Girls don’t like boys who “don’t like girls who…”

My office is very casual, so I can get away with wearing pretty much anything. A few days ago I showed up to work wearing a nice high topknot, a full face of makeup including lipstick, and a decent looking outfit. The following day I showed up in a ball cap and a plaid shirt, with a bare face. Still presentable, just less shiny. My co-worker sees me in said ball cap and tells me she thinks that I “dress like a boy and a girl”. She has a tone in her voice that infers she is not impressed. Right, yes. Thanks for that. It reminds me of when my grandmother gives me her rendition of the “boys don’t like girls who…” speech when I’m exhibiting a habit she deems unladylike (ie: wearing a ball cap, swearing, not crossing my legs, etc.)

Lately, it seems as though the topic of women’s “trends” that men hate is all over the Internet. Well, they can choke on their opinions, thank you very much. This also goes for anyone who thinks that women should embody a certain persona in order to be considered an attractive sexual partner. Pro tip: no one wants to date/hang out/have sex with someone who feels their opinion is more important that someone else’s based on what’s between their legs.

The list of complaints is extensive. Boys don’t like girls who… wear baggy clothes, wear revealing clothes, wear too much makeup, don’t wear makeup, are smarter than them, swear, don’t shave, have short hair, etc. I could go on for a while. I have never once heard someone say “Girls don’t like boys who…” and that means something. It means that women and girls have been continuously forced to act, dress, speak, and carry themselves in a certain way for the sole purpose of appeasing any and all potential sexual partners. Our society has been putting pressure on us to fit into a mould of the ideal female, one that suits a very small amount of us. I refuse to change myself to fit someone else’s idea of who I should be.

I have a quick list of what trends men should avoid if they want to be considered a viable sexual option (or a decent human): obsession with ‘natural’ beauty, jokes about periods, lack of acceptance for the LGBTQ+ community overall but maintaining an obsession with lesbian sex, catcalling and other predatory behaviour, unsolicited dick pics (does anyone think these actually work?), and pushing your opinions about women’s aesthetics onto people who simply didn’t ask.

Ladies, however many times you’ve heard that speech, I hope you all continue to act like you. You can’t please anyone but yourself, so do what feels best for you. Don’t change yourselves or settle because for every person who thinks “boys don’t like girls who…”, there are like five people who love you the way you are. You don’t exist to be someone else’s desire.


Next Question

We need to talk about The Wendy Williams Show. More specifically, Priyanka Chopra’s interview with Wendy Williams which aired this past week. Regardless of the sex of the interviewer, questions directed at female guests are often sexist and centre around stereotypically feminine topics such as fashion, hairstyles, and dating, and tends to stay away from content regarding their actual achievements.

The Wendy Williams Show is your average talk show: celebrity interviews, beauty advice, gossip, etc. Recently, she had Priyanka Chopra on her program as she was promoting her new movie Baywatch. But instead of asking Priyanka about the movie or her other achievements (she got her start as a Bollywood actress, has starred in 50+ Bollywood films, and continues to act in India after having made it in Hollywood), Wendy grills her on fashion, dating, and the love life of her friend, Meghan Markle. The movie was not mentioned until the last two minutes of the interview.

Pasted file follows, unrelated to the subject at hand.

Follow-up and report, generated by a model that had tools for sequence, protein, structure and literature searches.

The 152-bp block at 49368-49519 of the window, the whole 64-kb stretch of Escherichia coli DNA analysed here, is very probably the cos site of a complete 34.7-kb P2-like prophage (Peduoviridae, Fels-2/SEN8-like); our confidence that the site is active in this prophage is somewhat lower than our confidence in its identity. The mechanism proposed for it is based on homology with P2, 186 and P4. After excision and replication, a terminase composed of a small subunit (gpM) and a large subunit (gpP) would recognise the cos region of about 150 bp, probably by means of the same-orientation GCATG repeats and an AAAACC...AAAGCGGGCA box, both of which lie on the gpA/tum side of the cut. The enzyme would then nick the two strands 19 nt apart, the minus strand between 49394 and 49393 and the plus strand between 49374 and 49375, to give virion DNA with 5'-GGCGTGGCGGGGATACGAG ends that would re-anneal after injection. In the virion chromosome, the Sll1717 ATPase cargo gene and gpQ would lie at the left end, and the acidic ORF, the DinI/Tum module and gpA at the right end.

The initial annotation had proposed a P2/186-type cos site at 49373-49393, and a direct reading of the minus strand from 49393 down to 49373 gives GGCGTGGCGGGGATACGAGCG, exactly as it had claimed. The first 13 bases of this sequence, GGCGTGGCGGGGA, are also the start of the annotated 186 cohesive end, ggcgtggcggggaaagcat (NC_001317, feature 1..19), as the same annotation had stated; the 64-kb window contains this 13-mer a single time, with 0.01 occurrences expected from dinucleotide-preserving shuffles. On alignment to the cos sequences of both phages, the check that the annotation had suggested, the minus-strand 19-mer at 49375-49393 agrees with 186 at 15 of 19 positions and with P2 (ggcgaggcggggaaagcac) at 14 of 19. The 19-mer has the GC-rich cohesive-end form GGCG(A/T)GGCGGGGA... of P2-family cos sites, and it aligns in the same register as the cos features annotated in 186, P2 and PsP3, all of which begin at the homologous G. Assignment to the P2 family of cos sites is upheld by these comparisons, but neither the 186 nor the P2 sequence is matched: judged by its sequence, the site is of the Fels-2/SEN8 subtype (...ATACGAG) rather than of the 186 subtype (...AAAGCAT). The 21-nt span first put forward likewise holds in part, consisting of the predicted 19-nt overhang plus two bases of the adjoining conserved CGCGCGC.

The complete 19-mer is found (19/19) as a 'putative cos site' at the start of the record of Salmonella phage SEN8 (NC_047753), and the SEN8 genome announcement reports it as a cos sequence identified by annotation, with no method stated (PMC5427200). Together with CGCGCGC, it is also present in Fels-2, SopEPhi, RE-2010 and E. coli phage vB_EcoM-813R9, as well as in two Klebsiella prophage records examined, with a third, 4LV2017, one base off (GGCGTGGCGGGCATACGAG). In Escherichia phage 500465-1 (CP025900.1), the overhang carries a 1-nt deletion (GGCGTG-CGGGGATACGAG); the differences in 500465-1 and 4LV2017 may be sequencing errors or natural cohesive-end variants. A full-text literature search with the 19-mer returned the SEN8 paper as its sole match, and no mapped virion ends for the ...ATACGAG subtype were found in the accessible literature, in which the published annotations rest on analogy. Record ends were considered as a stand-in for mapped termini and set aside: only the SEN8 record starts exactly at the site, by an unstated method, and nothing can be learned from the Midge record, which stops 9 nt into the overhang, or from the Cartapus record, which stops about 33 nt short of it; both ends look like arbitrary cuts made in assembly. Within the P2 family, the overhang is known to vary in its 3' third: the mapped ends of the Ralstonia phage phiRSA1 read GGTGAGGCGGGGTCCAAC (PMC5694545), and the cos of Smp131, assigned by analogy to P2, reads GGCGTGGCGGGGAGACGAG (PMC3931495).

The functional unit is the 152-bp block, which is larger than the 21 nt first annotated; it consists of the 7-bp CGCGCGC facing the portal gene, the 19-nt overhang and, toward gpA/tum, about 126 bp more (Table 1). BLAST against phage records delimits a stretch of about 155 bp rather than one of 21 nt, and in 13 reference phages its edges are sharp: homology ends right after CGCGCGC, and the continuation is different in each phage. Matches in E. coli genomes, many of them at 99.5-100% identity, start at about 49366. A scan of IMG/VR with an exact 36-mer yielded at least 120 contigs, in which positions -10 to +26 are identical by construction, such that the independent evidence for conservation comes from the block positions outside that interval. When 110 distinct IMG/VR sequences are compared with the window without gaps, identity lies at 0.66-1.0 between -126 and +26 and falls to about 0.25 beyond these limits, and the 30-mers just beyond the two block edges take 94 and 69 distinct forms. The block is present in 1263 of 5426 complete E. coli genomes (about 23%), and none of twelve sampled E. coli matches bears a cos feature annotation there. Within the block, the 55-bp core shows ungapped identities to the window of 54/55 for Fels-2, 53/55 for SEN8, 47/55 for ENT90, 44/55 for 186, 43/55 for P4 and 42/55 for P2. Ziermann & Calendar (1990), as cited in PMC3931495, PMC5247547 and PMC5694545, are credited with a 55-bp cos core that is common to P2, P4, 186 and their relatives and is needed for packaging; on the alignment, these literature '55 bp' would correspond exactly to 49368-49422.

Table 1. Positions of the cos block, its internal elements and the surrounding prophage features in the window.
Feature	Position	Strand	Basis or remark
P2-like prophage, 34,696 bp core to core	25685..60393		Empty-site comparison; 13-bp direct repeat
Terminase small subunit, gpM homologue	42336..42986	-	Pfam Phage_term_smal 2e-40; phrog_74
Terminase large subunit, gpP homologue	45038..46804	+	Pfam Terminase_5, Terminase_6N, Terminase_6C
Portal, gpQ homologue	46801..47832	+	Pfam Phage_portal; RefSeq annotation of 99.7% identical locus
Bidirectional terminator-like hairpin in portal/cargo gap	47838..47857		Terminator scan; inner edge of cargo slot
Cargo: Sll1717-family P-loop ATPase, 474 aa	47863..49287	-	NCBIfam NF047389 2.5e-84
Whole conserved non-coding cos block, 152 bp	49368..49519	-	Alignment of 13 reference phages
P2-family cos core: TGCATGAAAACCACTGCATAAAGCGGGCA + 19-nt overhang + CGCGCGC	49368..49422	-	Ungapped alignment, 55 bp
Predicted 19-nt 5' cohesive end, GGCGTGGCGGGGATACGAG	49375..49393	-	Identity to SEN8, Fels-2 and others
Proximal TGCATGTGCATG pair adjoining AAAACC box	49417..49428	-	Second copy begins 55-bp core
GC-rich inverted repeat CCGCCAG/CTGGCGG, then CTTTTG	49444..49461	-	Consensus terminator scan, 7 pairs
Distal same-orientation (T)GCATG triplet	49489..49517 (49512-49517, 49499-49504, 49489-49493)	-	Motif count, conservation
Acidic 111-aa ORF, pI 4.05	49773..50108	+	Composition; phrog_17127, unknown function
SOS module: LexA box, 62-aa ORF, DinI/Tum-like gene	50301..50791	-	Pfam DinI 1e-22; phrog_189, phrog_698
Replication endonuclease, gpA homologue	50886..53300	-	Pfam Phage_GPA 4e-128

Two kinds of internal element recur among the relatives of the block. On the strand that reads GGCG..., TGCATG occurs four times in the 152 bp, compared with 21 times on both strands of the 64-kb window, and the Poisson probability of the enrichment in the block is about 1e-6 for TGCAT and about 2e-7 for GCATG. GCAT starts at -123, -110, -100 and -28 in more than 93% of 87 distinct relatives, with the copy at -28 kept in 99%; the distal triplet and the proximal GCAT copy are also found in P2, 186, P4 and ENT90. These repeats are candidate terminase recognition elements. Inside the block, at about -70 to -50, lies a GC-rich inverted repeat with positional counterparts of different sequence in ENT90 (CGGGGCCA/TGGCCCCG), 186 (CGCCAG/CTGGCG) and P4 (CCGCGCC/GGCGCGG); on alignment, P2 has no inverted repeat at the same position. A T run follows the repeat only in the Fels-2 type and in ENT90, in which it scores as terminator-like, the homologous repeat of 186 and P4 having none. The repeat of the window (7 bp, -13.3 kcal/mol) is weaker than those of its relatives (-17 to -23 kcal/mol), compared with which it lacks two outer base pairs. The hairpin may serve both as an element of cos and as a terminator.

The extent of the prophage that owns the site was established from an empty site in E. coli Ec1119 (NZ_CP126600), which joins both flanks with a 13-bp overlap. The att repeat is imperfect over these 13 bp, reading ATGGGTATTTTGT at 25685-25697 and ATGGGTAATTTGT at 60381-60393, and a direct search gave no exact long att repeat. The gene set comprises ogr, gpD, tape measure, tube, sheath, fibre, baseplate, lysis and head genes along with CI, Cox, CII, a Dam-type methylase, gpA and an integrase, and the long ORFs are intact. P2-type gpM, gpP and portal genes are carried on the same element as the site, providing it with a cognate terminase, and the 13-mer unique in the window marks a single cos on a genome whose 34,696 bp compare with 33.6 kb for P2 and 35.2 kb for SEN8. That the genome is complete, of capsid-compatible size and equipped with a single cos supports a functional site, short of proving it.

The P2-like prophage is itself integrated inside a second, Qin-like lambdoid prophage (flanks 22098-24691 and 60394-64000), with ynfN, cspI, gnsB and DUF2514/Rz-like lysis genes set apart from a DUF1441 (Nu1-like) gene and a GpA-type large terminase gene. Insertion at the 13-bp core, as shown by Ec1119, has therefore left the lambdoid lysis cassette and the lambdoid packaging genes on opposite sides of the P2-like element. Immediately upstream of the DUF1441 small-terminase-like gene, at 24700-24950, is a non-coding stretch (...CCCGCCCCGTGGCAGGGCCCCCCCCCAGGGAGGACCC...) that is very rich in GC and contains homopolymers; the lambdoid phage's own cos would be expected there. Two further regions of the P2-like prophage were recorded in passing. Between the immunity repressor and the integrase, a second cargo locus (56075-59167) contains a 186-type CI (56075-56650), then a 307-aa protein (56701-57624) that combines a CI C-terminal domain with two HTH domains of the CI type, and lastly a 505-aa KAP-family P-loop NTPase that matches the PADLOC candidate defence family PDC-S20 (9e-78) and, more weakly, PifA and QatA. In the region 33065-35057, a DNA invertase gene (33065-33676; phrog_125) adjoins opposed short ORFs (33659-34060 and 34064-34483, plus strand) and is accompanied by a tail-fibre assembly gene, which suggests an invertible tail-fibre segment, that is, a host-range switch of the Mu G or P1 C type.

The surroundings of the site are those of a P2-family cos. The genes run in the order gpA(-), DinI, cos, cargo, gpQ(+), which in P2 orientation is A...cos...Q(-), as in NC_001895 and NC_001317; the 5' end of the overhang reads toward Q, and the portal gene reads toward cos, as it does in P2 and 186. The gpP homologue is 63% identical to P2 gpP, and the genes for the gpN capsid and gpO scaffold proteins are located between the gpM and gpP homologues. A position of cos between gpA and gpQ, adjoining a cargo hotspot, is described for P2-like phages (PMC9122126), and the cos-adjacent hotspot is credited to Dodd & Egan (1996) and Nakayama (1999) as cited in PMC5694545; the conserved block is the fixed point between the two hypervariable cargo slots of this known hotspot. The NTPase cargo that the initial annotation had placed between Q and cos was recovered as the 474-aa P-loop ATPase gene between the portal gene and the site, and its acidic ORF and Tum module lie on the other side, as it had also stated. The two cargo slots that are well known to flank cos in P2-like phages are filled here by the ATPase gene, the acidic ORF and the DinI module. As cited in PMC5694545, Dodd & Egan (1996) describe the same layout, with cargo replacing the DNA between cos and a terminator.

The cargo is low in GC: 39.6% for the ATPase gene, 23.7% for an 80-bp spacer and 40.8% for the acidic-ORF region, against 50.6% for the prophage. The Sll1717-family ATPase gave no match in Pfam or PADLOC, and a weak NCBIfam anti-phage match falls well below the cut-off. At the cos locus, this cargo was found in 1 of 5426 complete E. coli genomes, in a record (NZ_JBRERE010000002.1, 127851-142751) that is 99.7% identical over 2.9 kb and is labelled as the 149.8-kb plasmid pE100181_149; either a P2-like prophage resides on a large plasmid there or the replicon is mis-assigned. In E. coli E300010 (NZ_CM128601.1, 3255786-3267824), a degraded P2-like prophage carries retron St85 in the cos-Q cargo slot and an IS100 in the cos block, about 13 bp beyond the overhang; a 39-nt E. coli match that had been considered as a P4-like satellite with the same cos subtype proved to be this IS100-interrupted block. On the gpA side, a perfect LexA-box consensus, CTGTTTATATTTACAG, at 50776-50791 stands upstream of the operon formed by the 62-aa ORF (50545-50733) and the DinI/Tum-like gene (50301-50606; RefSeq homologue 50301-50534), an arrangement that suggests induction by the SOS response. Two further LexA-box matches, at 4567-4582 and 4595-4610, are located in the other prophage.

I know that this is a typical avenue for talk shows to take but what makes it more concerning is that Wendy was being entirely anti-feminist.* She spent the majority of the interview talking about Priyanka’s attendance at this year’s Met Gala. The conversation was originally centred around the dress and hairstyle Priyanka chose for that night (which is kind of blah in itself), but quickly turned into badgering due to her single status at the event, with Wendy blatantly asking “Where’s your date?” as if it were a necessary accessory. She tries to minimize the aggressiveness of her statement by adding “just asking” at the end. Priyanka gracefully stated that she doesn’t need a boyfriend, or even a date, to enjoy those events, and further that she isn’t really looking to date at all. In order to move the conversation along, Wendy suddenly agrees with the narrative that a date is not a requirement for red carpet attendance, completely negating the inferences of the previous question.

When asked about Meghan Markle, Priyanka was quick to point out that Meghan is her own person with separate and worthy achievements, aside from who she’s dating. When asked about Meghan’s love life, Priyanka didn’t have much to say and she shouldn’t. It’s not for her to tell, and she respects Meghan enough not to say too much. Wendy, on the other hand, continued to push questions about Meghan. It is one thing to ask women questions that would never be asked of a man (like what designer they’re wearing, etc.), but it’s another not to accept the answers as given, to push farther until you get the desired answer.

Additionally, when asked her opinion of Meghan’s relationship, and whether she thinks the pair might get married, Priyanka didn’t have much to say. I’m aware that it seems to be how society works, but asking women’s opinions on the lives of other women is gross. It’s a recipe for disaster with a singular goal: to create tension. We love to pit women against each other, but why? To promote a feeling in women that we are never good enough; we need to be like that girl, have shinier hair than her, a cuter partner, or be thinner. It is high time that we stop comparing ourselves to each other. We’re all cute, smart, hard-working, etc. and we as women need to build each other up, not comparing achievements, or tearing each other down. Take the first step and tell the women in your life that you’re proud of them.


To see the full interview, click the link:

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*I am aware that it is unlikely that Wendy comes up with all her own questions, etc., and there are producers who steer the show’s direction.

Thick Girls, Thick Skin: Sports Edition